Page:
Todd was hilarious, irreverent, sincere, gentle, fierce, passionate and inspirational all at the same time. I’ve been re-reading some of his writing and Todd still makes me burst out laughing. So much of my relationship with Todd was mediated through jokes, usually ridiculous and affectionate, sometimes serious, necessary jokes when things were hard or frightening. I made hard jokes when Todd dm’d me from the hospital waiting to find out results about his excruciating headache. I made the hardest jokes of my life when Todd was fighting cancer. I found images of tokusatsu made science villains with partially metal skulls to send him as potential new looks going forward. When he shared a picture after his surgery, I drew a little portrait of him on a card and mailed it to him. I made jokes I know must have seemed oblivious to the gravity of the situation to family and other friends who kindly sent more conventional concern and love. But I made the jokes because I knew they were what Todd wanted from me, at least. They were what I could give him. I started to make one while writing this. I had a part where I noted that Todd was making me laugh from “beyond the grave!” And I knew he’d think it was hilarious. I could even hear him saying it. But I cut it because inappriopriateness aside, this isn’t for Todd. This is for all of us who were his friends, who are remembering him in our lives. Jokes were a bond of understood affection and love–a through line in our friendship. There is not a good adult word for someone you like to play with–go back and forth with jokes, stories and ideas–but Todd was great to do that with. I loved joking and riffing on things with Todd. I loved talking with Todd about movies and hassling him as a listener when he was on his radio show, Pop Offensive.
Todd made me want to be a better writer. Smarter, funnier, more daring in what I would put in a review–like his polls about “anipals” or challenges to recognize all the characters he posted in the sidebar of 4DK. They were not crucial pop culture knowledge, but that only made his challenge to name the characters and films more hilarious to me. I became a fan of the Subliminal Marmoset through him. I encountered Françoise Hardy, Jane Bond films, La Nave de Los Monstruos, “Mohabbat Hi Mohabbat Hai” and Vilma Santos’ Darna through him. Todd made me feel like maybe my own curiosity about and unironic love for wonders on the fringes of global popular art had a place online. After he smote cancer, I admired Todd’s determination to write the books he had in him and live his life the best and fullest way he could. Todd was talented, irreverent, passionate, always seeking out new things and always sharing what he had just watched, heard or learned. It’s hard to express how much happening across Die, Danger, Die, Die Kill! one day affected my life. I discovered so many films and so much music through Todd. I met so many people through him and made so many friends through him–including Keith and Beth. I laughed so much because of him. I’m so glad to have been his friend. And I’m going to miss him so fucking much.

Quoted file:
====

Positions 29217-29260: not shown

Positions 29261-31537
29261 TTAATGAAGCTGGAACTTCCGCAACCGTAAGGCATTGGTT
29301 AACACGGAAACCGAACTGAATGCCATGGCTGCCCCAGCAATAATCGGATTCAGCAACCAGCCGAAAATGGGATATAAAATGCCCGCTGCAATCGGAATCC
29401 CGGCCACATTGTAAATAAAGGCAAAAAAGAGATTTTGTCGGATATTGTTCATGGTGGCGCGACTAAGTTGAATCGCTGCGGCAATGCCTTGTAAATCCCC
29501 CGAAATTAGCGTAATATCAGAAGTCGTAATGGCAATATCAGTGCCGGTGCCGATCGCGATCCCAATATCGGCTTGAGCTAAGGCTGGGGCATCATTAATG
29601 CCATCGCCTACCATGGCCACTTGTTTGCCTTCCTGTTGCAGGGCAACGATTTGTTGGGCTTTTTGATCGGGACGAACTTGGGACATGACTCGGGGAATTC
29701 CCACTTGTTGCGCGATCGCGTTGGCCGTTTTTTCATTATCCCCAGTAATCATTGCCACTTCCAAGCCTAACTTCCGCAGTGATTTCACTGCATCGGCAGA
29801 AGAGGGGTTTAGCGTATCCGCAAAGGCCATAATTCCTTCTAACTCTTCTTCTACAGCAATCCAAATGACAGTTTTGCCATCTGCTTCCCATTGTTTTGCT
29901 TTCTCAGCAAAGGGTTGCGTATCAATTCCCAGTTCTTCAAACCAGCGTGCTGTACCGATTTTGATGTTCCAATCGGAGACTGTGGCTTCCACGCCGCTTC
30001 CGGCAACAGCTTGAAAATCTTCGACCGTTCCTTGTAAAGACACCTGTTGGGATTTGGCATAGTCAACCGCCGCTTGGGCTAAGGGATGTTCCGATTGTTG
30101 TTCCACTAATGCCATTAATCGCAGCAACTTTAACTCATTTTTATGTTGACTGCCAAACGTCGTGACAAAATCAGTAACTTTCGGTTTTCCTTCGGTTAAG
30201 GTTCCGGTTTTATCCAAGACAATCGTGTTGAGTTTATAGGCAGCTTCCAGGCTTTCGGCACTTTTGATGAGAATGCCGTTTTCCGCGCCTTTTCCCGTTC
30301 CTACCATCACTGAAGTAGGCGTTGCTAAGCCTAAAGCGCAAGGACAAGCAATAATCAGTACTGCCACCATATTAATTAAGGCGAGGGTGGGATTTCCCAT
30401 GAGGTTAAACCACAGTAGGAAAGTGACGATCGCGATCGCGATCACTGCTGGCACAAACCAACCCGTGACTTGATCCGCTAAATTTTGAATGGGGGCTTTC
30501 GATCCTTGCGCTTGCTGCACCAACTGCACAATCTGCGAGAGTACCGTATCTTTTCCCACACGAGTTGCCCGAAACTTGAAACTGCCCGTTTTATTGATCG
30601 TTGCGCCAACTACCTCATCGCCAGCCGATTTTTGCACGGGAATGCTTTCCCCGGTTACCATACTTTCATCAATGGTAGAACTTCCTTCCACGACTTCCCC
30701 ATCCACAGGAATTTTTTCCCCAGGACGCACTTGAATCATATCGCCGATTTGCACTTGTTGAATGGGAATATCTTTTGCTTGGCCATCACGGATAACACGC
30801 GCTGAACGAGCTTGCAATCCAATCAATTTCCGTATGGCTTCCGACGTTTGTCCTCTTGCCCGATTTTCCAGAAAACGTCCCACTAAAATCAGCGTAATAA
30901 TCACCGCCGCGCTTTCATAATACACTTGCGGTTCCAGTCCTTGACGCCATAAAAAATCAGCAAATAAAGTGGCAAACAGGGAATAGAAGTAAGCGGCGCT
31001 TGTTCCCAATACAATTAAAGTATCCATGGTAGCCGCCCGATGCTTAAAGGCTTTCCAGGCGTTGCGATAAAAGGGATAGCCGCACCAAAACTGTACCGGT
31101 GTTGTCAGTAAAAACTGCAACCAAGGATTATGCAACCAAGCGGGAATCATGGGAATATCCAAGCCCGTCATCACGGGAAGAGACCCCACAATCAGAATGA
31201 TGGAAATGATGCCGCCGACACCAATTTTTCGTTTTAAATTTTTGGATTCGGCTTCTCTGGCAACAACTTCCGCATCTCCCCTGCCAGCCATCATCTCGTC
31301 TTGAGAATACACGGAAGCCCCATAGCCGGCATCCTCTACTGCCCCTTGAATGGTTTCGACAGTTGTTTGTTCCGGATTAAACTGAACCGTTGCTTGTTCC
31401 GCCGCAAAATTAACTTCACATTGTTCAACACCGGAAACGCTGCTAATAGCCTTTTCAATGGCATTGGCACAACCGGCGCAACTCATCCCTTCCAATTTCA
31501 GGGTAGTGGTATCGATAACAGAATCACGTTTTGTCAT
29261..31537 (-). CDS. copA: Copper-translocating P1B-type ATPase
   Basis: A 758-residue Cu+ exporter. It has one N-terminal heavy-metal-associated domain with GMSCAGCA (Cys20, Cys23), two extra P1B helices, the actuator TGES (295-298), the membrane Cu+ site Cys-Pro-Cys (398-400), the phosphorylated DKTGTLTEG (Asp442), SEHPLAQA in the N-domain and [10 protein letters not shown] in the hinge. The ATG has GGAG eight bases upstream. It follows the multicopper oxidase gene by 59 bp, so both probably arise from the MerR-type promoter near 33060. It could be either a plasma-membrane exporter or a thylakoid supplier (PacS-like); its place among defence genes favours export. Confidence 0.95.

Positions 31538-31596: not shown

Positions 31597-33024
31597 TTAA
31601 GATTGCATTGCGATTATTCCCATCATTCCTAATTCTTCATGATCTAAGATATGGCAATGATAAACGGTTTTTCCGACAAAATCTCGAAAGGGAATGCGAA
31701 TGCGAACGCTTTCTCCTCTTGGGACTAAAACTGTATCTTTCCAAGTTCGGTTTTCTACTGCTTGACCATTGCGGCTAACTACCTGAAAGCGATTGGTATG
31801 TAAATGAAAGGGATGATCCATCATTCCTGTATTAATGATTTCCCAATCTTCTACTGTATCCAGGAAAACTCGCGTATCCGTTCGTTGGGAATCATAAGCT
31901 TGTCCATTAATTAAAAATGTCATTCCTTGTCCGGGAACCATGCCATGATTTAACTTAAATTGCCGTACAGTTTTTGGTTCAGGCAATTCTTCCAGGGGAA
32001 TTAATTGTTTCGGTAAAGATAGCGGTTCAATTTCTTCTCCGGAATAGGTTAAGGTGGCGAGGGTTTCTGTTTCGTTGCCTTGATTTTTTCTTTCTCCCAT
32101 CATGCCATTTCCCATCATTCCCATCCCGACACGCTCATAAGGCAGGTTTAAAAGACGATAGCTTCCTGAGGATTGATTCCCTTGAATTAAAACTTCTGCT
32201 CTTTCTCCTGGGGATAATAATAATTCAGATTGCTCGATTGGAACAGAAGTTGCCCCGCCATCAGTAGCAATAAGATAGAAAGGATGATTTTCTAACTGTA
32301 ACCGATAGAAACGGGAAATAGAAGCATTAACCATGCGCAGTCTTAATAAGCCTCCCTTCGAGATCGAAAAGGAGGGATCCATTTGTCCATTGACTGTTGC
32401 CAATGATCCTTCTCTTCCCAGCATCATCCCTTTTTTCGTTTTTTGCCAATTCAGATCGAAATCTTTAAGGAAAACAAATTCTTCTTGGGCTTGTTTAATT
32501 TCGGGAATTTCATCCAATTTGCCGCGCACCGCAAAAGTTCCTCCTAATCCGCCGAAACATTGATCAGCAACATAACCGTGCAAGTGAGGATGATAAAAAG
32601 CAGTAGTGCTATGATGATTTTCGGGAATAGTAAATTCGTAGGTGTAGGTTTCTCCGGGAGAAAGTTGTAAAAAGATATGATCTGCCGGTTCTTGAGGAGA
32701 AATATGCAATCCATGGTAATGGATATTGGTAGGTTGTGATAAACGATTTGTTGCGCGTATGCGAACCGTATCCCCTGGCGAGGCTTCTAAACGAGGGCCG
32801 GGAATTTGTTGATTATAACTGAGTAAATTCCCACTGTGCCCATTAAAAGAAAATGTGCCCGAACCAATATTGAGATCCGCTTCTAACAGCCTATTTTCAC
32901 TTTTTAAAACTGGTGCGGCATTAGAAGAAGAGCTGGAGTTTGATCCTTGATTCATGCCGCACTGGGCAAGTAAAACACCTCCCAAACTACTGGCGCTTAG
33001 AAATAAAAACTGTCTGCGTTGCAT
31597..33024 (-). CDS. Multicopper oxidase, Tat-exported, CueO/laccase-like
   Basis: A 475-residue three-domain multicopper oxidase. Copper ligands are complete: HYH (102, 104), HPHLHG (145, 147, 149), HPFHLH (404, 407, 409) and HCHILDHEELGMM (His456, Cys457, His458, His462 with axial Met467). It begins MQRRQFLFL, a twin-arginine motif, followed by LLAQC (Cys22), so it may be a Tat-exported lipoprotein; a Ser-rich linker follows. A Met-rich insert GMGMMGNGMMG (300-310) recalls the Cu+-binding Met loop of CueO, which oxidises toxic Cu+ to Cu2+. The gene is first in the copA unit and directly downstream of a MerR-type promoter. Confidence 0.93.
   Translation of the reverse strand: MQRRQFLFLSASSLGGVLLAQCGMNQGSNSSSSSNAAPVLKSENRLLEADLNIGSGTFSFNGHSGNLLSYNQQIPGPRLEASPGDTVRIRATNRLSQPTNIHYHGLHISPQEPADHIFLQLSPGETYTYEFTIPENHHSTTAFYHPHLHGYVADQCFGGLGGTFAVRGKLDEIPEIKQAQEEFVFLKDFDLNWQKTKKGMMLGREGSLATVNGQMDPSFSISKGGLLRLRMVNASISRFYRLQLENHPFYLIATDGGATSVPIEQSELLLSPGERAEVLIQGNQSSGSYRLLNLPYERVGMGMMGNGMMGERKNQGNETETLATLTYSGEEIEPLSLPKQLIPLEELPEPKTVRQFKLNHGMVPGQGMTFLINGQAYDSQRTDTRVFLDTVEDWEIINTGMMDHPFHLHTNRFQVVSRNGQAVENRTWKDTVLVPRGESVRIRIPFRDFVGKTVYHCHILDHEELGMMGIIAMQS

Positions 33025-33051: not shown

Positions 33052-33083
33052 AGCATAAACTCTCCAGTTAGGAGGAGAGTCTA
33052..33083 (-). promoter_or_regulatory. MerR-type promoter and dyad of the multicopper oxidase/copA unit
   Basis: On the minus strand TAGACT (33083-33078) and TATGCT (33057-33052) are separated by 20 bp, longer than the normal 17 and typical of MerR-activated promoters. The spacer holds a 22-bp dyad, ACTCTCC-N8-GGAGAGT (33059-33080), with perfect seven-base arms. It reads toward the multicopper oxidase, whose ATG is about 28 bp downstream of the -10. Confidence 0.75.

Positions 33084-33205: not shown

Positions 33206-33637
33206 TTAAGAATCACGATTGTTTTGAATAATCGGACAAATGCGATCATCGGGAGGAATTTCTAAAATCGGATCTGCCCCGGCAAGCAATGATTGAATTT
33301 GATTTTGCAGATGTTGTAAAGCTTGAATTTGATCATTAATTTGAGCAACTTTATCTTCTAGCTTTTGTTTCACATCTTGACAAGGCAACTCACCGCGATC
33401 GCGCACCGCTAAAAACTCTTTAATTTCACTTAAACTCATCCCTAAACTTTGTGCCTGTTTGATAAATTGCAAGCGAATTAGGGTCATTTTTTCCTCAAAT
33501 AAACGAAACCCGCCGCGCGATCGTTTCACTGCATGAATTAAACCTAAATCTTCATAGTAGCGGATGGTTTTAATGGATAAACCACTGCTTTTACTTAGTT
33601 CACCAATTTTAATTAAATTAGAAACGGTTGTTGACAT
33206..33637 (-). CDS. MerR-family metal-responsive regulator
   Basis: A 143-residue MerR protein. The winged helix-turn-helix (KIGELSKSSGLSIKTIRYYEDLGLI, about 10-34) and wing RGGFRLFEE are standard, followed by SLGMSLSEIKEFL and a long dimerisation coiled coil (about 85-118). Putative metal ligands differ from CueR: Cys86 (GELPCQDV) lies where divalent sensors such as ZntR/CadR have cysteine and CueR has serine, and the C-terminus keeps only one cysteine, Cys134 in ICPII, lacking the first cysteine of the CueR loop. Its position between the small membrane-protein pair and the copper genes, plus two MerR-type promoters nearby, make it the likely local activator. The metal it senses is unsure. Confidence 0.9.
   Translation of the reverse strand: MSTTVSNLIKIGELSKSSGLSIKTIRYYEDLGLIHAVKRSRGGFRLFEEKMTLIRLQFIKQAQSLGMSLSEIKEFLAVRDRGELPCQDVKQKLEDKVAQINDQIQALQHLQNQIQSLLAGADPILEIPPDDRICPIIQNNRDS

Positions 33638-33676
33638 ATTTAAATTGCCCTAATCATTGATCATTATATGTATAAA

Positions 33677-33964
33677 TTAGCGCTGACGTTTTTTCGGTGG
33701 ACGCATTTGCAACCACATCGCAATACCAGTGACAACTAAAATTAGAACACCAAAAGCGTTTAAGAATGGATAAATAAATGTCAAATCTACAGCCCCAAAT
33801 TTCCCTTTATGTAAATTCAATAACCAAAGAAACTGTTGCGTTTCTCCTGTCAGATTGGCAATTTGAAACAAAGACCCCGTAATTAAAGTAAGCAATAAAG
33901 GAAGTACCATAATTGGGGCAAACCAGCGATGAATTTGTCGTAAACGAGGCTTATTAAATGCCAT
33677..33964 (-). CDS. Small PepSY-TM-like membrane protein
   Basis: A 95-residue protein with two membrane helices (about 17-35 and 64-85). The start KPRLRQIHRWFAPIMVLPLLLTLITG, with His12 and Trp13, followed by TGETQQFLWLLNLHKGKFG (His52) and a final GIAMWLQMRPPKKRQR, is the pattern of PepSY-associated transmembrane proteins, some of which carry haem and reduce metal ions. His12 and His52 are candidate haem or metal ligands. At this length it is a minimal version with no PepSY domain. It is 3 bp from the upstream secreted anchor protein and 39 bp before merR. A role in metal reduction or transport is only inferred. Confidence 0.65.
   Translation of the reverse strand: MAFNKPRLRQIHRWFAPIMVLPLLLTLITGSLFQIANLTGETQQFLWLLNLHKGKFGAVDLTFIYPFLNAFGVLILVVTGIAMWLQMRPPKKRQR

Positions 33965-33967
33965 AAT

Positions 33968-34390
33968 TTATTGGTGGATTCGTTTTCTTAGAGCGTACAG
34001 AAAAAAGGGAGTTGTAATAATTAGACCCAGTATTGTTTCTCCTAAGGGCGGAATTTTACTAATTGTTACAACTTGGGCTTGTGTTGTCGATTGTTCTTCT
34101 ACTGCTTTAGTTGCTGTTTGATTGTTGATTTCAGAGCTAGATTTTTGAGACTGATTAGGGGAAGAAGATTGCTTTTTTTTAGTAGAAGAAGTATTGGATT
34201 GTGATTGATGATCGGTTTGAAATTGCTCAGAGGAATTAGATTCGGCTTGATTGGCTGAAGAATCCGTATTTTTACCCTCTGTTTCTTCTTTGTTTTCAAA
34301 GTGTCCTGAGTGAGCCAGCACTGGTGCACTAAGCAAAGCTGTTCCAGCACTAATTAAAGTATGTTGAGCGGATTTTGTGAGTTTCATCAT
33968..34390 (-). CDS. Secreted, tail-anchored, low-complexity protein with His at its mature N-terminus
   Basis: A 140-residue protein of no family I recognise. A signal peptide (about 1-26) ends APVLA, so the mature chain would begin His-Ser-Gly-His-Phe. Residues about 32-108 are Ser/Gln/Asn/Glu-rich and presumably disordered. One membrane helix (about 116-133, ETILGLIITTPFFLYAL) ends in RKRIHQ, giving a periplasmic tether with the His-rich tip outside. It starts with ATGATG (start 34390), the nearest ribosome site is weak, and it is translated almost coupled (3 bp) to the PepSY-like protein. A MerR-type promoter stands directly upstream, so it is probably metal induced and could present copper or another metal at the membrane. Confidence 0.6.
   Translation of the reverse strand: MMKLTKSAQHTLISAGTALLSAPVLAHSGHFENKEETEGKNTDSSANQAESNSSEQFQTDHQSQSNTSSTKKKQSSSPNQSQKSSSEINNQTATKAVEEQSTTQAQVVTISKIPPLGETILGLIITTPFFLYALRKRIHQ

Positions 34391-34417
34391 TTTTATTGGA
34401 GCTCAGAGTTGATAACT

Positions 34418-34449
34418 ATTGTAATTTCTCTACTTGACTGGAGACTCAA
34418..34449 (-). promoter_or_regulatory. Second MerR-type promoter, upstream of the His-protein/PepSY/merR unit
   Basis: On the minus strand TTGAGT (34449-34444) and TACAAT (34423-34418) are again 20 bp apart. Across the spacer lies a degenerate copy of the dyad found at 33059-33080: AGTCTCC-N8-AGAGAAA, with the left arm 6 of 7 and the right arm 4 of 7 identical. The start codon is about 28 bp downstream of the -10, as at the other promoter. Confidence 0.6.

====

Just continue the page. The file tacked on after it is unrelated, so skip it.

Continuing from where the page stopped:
In his honor, let’s make some jokes. Let’s try listening to something new or watching some thing new or even writing something new—meeting art on its own terms without claiming it’s a “guilty pleasure” or “so bad it’s good.” Let’s find some wonders that are new to us and share them with the world.
The truth is, those who knew Todd well, knew that he thought inappropriate jokes about his cancer battle were hilarious… so thanks for always keeping his spirits up. And thanks for this tribute. I know he was proud to call you his peers and his friends.
Thank you so much, Liza. This means a lot. Sending love and, if you ever need them, inappropriate jokes.